Written by Various Artists


The time(keeping) of your life

It’s Be Late For Something Day – yeah, it’s a thing – which we thought was a good enough excuse to talk timekeeping. Is being late rudeness, bad luck or good old-fashioned optimism? Hazel Davis and Suze Kundu share their views.

person wearing a wristwatch
It probably stems from childhood. My parents were ALWAYS late for everything. “We do things on our own time,” they’d say pompously. “We march to our own beat,” etc, etc. They’d never be able to commit to meeting anyone at a specific time and even in my mother’s job as a home-visiting chiropodist she’d tell her patients that she’d arrive whenever she’d arrive.

Even as a child this would do my head in.

“People are SO hung up on punctuality,” my parents would scoff, as they arrived late, yet again, for one of my concerts because they’d been hanging around outside having a fag while the orchestra was starting up. I could always hear the mortifying clank of my mother’s bangles as she shuffled to her seat much later than everyone else.

We’d been known to arrive places a whole day later than we’d promised. As car-owners this was easy to do. We’d stop by the side of the road for three hours to make endless cups of tea. We’d take two hours to pack the car. We’d rock up at campsites in the middle of the night (no doubt having told the owners that we’d be there “when we felt like it” (*cringe*).

“Two of my best friends are perpetually, catastrophically late, to the point where we have to lie about what time we want them for dinner because otherwise the food will spoil.”

It’s naturally turned me into a right twat. I am never late. Ask my friend Alison, with whom I have been on countless holidays. She’s not particularly tardy but if we’ve agreed to meet at 9am, I’d be ready at 8.45, drumming my fingers on the table. To punish me she ensures she comes down, smirking, at 9am on the dot, sometimes still drying her hair.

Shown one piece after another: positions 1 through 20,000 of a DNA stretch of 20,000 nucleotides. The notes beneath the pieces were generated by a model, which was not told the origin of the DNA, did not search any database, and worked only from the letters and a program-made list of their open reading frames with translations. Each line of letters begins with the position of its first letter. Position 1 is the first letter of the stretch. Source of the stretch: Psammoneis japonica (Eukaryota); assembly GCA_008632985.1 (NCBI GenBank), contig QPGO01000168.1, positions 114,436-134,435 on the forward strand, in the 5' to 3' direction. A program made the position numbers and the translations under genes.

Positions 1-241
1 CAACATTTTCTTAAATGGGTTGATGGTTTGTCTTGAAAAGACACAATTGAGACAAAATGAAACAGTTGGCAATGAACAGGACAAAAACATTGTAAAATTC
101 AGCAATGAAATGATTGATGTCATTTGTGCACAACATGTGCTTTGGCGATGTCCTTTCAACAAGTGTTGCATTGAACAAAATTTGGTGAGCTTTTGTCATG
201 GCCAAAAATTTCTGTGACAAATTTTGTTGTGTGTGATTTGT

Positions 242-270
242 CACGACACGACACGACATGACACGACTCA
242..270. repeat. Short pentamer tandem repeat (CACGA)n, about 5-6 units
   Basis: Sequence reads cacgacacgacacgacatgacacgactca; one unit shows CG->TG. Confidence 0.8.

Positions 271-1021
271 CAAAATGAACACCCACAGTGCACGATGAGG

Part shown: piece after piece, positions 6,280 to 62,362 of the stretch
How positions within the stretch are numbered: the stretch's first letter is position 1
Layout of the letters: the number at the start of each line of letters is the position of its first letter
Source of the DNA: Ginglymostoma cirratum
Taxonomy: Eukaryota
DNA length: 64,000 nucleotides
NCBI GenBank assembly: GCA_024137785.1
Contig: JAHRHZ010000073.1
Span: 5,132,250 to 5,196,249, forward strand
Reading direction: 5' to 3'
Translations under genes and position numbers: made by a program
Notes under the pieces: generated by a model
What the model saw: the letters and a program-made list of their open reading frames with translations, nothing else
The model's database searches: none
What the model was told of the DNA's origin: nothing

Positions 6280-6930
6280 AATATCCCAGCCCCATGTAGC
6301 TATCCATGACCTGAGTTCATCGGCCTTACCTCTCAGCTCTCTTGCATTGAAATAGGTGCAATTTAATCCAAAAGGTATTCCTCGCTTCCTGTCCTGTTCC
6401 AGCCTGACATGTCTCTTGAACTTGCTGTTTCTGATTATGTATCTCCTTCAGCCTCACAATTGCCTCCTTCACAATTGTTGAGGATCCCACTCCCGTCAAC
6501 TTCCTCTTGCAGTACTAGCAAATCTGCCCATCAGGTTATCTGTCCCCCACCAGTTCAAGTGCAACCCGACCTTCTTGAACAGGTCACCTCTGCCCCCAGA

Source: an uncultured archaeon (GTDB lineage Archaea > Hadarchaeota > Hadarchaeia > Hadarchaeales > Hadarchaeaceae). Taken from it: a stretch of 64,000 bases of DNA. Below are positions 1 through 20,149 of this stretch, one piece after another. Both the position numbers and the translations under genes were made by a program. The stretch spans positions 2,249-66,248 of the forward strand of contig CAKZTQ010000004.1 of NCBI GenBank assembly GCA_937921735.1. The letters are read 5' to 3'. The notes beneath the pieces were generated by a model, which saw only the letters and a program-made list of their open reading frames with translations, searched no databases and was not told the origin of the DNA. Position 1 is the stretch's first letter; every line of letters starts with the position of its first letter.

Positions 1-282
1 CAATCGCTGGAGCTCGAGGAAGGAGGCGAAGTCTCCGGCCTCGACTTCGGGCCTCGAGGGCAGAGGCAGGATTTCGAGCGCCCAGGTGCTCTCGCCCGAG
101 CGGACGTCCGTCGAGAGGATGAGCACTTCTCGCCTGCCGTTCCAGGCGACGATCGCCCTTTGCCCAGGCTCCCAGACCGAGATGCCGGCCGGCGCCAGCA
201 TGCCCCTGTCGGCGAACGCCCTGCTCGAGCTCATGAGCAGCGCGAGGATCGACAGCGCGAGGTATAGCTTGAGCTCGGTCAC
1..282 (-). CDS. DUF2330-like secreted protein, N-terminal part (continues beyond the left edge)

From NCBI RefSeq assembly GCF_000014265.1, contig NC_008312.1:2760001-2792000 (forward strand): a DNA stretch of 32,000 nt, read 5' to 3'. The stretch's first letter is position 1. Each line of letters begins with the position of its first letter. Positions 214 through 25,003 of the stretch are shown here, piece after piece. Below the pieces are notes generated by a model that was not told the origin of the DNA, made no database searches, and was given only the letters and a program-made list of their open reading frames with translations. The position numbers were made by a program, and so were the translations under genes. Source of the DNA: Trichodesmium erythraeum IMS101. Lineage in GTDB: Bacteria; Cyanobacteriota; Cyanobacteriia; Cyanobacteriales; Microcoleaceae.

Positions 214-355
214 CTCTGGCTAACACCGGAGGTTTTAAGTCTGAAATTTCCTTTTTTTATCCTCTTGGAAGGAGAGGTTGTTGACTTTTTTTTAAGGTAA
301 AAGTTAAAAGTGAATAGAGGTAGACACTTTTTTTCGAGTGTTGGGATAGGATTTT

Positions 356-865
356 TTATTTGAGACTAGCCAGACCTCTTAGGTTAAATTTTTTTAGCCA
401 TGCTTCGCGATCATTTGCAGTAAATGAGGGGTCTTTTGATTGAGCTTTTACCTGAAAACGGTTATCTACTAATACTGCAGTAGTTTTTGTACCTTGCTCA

Being a parent has made me MUCH worse, not better, as people warned. “I can’t guarantee we can meet you at a specific time,” hapless parents will shrug. “Rowan leaves the house when he’s ready.” Hmm. My children leave the house when they’re told to leave the house, whether they’ve eaten their breakfast/woken up or not.

Two of my best friends are perpetually, catastrophically late, to the point where we have to lie about what time we want them for dinner because otherwise the food will spoil.

My other half is no better. The child of a blind man reliant on buses, he’s used to being where he needs to be an hour before he needs to be, and ready to leave two hours before that. We are a deadly and judgmental combination.

Yeah, I’m judging you if you’re late. If you text and say, “Sorry, running a bit behind,” and turn up a few minutes after that, or you get stuck in traffic, then I’ll understand, but if we agree to meet at 7 and you decide to leave the house at ten past, you’ve decided that everything else in your life is more important than meeting me. And if you know me well, you’ll know that you’re actually an hour and 10 minutes late. And that’s offensive.

Hazel Davis

clock face
Look, I just want to remind you that, on the whole, I’m a good person, damn it! I’ve sent cupcakes to my boyfriend’s office with sticky unicorns of positivity; I’ve done a ton of school science shows for free and I totally give directions to tourists in London.

The thing is, like everyone else in the world, I’m not perfect: I have frequently stared at a stranger’s Resting Bitch Face on the London Underground, laughed when a friend has fallen over and unashamedly slated friends’ horrible exes plenty of times.

Yet these flaws pale in comparison to my worst trait. I am late for things far too often. I am so regularly late, my wristwatch is set 15 minutes forward, so I can avoid missing trains and planes. Except my brain knows about it and has been factoring this leeway into every time calculation for the last decade.